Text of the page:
9 inducers, antibiotics, or media components), or downstream processing (see Appendix, section 6.2.1). Product-related impurities (e.g., precursors, certain degradation products) are molecular variants arising during manufacture and/or storage, which do not have properties comparable to those of the desired product with respect to activity, efficacy, and safety. Further, the acceptance criteria for impurities should be based on data obtained from lots used in preclinical and clinical studies and manufacturing consistency lots. Individual and/or collective acceptance criteria for impurities (product-related and process-related) should be set, as appropriate. Under certain circumstances, acceptance criteria for selected impurities may not be necessary (section 2.3). Examples of analytical procedures which may be employed to test for the presence of impurities are listed in Appendix 6.2. New analytical technology and modifications to existing technology are continually being developed and should be utilized when appropriate. For the purpose of lot release (section 4), an appropriate subset of these methods should be selected and justified. Contaminants Contaminants in a product include all adventitiously introduced materials not intended to be part of the manufacturing process, such as chemical and biochemical materials (e.g., microbial proteases), and/or microbial species. Contaminants should be strictly avoided and/or suitably controlled with appropriate in-process acceptance criteria or action limits for drug substance or drug product specifications (section 2.3). For the special case of adventitious viral or mycoplasma contamination, the concept of action limits is not applicable, and the strategies proposed in ICH Harmonised Tripartite Guidelines Quality of Biotechnological/Biological Products: Viral Safety Evaluation of Biotechnology Derived Products Derived from Cell Lines of Human or Animal Origin and Quality of Biotechnological/Biological Products: Derivation and Characterization of Cell Substrates Used for Production of Biotechnological/Biological Products should be considered Quantity Quantity, usually measured as protein content, is critical for a biotechnological and biological product and should be determined using an appropriate assay, usually physicochemical in nature. In some cases, it may be demonstrated that the quantity values obtained may be directly related to those found using the biological assay. When this correlation exists, it may be appropriate to use measurement of quantity rather than the measurement of biological activity in manufacturing processes, such as filling. 2.2 Analytical Considerations Reference standards and reference materials For drug applications for new molecular entities, it is unlikely that an international or national standard will be available. At the time of submission, the manufacturer should have established an appropriately characterized in-house primary reference material, prepared from lot(s) representative of production and clinical materials. Inhouse working reference material(s) used in the testing of production lots should be calibrated against this primary reference material. Where an international or national standard is available and appropriate, reference materials should be 5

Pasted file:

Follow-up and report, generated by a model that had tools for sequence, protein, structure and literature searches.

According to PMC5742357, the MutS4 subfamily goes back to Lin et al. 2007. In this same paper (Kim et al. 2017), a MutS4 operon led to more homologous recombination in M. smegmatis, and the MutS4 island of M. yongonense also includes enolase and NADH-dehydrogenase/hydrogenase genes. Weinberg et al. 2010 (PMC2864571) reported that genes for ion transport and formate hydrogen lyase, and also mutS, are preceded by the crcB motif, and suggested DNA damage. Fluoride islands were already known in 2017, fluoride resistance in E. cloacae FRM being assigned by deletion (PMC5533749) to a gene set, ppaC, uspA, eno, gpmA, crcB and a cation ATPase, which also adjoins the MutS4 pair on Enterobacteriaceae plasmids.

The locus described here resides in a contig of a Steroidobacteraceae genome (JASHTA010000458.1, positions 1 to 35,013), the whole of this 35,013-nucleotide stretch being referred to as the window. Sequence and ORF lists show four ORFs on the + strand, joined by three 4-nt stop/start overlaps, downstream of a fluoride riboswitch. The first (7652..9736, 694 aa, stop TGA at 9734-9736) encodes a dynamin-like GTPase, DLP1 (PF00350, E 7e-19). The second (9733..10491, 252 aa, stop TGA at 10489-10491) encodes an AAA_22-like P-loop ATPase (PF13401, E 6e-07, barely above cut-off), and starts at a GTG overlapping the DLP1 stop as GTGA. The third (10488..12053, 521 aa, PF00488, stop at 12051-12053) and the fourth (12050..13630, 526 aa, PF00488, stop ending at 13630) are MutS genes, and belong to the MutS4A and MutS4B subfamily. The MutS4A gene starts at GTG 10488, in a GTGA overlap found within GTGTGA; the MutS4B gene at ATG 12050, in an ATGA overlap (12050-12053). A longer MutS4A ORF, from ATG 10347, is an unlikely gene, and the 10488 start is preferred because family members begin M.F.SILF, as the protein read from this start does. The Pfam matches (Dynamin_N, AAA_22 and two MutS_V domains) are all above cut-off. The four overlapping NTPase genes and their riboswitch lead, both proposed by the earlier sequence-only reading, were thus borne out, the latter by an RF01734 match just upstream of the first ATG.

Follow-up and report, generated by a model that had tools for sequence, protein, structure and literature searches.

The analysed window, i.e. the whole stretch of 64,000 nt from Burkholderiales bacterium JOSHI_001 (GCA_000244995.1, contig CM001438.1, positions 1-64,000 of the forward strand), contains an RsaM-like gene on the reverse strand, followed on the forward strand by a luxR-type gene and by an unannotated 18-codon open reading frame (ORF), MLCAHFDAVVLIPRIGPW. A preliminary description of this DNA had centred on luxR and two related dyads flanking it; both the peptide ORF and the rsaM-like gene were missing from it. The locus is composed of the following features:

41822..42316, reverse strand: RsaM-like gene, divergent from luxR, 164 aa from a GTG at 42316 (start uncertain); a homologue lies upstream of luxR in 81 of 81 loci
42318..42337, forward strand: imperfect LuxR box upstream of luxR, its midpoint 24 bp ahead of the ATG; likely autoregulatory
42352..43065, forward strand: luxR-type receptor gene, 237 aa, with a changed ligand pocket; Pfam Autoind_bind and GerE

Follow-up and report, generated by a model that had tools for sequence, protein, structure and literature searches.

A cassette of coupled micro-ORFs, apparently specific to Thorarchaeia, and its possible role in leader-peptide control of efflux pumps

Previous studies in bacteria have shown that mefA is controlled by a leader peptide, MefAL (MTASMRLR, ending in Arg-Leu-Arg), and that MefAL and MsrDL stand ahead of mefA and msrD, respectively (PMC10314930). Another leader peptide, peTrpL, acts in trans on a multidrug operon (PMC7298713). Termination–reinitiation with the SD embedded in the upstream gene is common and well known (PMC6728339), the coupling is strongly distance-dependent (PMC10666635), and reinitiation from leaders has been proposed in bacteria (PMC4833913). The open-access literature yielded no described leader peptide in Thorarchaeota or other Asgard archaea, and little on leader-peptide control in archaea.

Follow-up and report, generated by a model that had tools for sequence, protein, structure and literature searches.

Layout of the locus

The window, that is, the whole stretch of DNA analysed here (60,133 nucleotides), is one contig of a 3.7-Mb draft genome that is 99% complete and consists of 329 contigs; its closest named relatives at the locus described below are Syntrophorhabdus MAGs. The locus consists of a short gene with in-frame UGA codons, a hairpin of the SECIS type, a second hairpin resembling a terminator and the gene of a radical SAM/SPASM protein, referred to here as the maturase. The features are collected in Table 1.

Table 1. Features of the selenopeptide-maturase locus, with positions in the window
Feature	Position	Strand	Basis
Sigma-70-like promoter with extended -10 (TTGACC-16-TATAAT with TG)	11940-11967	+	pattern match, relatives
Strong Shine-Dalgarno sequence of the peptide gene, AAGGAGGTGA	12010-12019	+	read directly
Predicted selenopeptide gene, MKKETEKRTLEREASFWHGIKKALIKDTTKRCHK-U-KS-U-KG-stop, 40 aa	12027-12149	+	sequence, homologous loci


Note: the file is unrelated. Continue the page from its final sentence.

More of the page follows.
10 calibrated against it. While it is desirable to use the same reference material for both biological assays and physicochemical testing, in some cases, a separate reference material may be necessary. Also, distinct reference materials for product-related substances, product-related impurities and process-related impurities, may need to be established. When appropriate, a description of the manufacture and/or purification of reference materials should be included in the application. Documentation of the characterization, storage conditions and formulation supportive of reference material(s) stability should also be provided Validation of analytical procedures At the time the application is submitted to the regulatory authorities, applicants should have validated the analytical procedures used in the specifications in accordance with the ICH Harmonised Tripartite Guidelines Validation of Analytical Procedures: Definitions and Terminology and Validation of Analytical Procedures: Methodology", except where there are specific issues for unique tests used for analyzing biotechnological and biological products. 2.3 Process Controls Process-related considerations Adequate design of a process and knowledge of its capability are part of the strategy used to develop a manufacturing process which is controlled and reproducible, yielding a drug substance or drug product that meets specifications. In this respect, limits are justified based on critical information gained from the entire process spanning the period from early development through commercial scale production. For certain impurities, testing of either the drug substance or the drug product may not be necessary and may not need to be included in the specifications if efficient control or removal to acceptable levels is demonstrated by suitable studies. This testing can include verification at commercial scale in accordance with regional regulations. It is recognized that only limited data may be available at the time of submission of an application. This concept may, therefore, sometimes be implemented after marketing authorization, in accordance with regional regulations In-process acceptance criteria and action limits In-process tests are performed at critical decision making steps and at other steps where data serve to confirm consistency of the process during the production of either the drug substance or the drug product. The results of in-process testing may be recorded as action limits or reported as acceptance criteria. Performing such testing may eliminate the need for testing of the drug substance or drug product (section 2.3.1). In-process testing for adventitious agents at the end of cell culture is an example of testing for which acceptance criteria should be established. The use of internal action limits by the manufacturer to assess the consistency of the process at less critical steps is also important. Data obtained during development and validation runs should provide the basis for provisional action limits to be set for the manufacturing process. These limits, which are the responsibility of the manufacturer, may be used to initiate investigation or further action. They should be further refined as additional manufacturing experience and data are obtained after product approval. 6